Friday, April 15, 2011

Netflix Stream This:

     You see that movie poster to the left? It's a bit misleading. When I came across Teeth (heh) on my Netflix Watch Instantly page, I knew that I should make a post about it (and not solely to make the previous joke). I knew because Teeth bites you and doesn't let go. It's a coming-of-age story for the horror-humor generation: Dawn is a girl that is just starting to experience her budding sexuality. She tries to suppress this urge by being an active member in a chastity group. Unfortunately, life at home isn't quite as easy: her step-brother, Brad, is vulgar and weird, and he seems to have an unhealthy attraction to Dawn. When Dawn is the victim of a sexual assault, she realizes that she's not like other girls; she has a set of teeth growing inside of her twat that likes to bite unwanted objects. She then experiences the ups and downs of having a set of deadly beef-drape dentures. (The ups and downs being, mostly, severed penises.)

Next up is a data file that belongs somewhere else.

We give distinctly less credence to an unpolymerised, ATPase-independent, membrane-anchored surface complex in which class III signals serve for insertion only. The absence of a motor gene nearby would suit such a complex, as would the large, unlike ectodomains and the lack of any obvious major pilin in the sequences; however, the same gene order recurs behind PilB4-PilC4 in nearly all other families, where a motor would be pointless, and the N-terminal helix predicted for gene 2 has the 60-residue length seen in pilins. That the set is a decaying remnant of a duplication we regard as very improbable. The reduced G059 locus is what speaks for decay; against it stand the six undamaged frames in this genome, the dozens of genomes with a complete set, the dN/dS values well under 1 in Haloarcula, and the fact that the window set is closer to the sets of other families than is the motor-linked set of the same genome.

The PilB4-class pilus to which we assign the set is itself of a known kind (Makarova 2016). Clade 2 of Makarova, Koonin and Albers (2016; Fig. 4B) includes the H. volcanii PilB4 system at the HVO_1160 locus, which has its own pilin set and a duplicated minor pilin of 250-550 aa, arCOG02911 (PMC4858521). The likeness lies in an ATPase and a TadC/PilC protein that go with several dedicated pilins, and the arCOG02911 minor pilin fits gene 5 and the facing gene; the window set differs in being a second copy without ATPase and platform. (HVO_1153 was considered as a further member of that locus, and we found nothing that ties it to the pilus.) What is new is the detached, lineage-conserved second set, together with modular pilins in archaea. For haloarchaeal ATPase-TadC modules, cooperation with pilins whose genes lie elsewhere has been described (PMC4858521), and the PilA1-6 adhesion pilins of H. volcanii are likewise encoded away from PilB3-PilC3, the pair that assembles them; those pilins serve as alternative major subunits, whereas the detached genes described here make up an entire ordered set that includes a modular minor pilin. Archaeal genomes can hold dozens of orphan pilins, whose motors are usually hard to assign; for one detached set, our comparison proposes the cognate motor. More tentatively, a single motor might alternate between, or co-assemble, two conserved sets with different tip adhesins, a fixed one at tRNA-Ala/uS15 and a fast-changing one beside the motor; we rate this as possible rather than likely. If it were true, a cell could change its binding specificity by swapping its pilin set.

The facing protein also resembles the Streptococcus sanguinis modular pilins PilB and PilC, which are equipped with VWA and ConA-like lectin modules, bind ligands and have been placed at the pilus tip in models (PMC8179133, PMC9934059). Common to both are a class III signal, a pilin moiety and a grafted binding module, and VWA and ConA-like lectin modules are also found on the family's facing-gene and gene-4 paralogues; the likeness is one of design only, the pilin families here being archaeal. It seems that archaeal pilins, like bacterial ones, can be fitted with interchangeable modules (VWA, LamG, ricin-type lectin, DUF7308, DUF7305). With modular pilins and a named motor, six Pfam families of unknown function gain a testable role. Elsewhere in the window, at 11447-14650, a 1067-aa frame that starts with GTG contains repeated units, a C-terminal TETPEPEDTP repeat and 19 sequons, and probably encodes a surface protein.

What sicko could dream up this sort of thing? Well, it's actually based upon real mythology: the vagina dentata myth. Numerous cultures have different tales and stories about women with toothed pink tacos. It's usually used as a cautionary tale warning the dangers involved with sleeping with strange women and to prevent the crime of rape. According to the always-useful Wikipedia, 

"The vagina dentata appears in the myths of several cultures. Erich Neumann relays one such myth in which 'a fish inhabits the vagina of the Terrible Mother; the hero is the man who overcomes the Terrible Mother, breaks the teeth out of her vagina, and so makes her into a woman.' The legend also appears in the mythology of the Chaco and Guiana tribes. In some versions, the hero leaves one tooth. An Ainu language tale containing this element was published as "The Island of Women" by Basil Hall Chamberlain, where it was described as a well known Japanese tale by E. B. Tylor. In his book, The Wimp Factor, Stephen J. Ducat expresses the view that these myths express the threat sexual intercourse poses for men who, although entering triumphantly, always leave diminished."

     Not that Teeth plays the myth in a serious tone. Unlike other older cautionary tales about strange and lustful women, such as Basic Instinct or Fatal Attraction, this film plays the poon pearlies angle to comedic gold. Also filled with horror and women's empowerment, Teeth is truly about a young lady coming to grips with womanhood--even if that womanhood involves a muff that munches.

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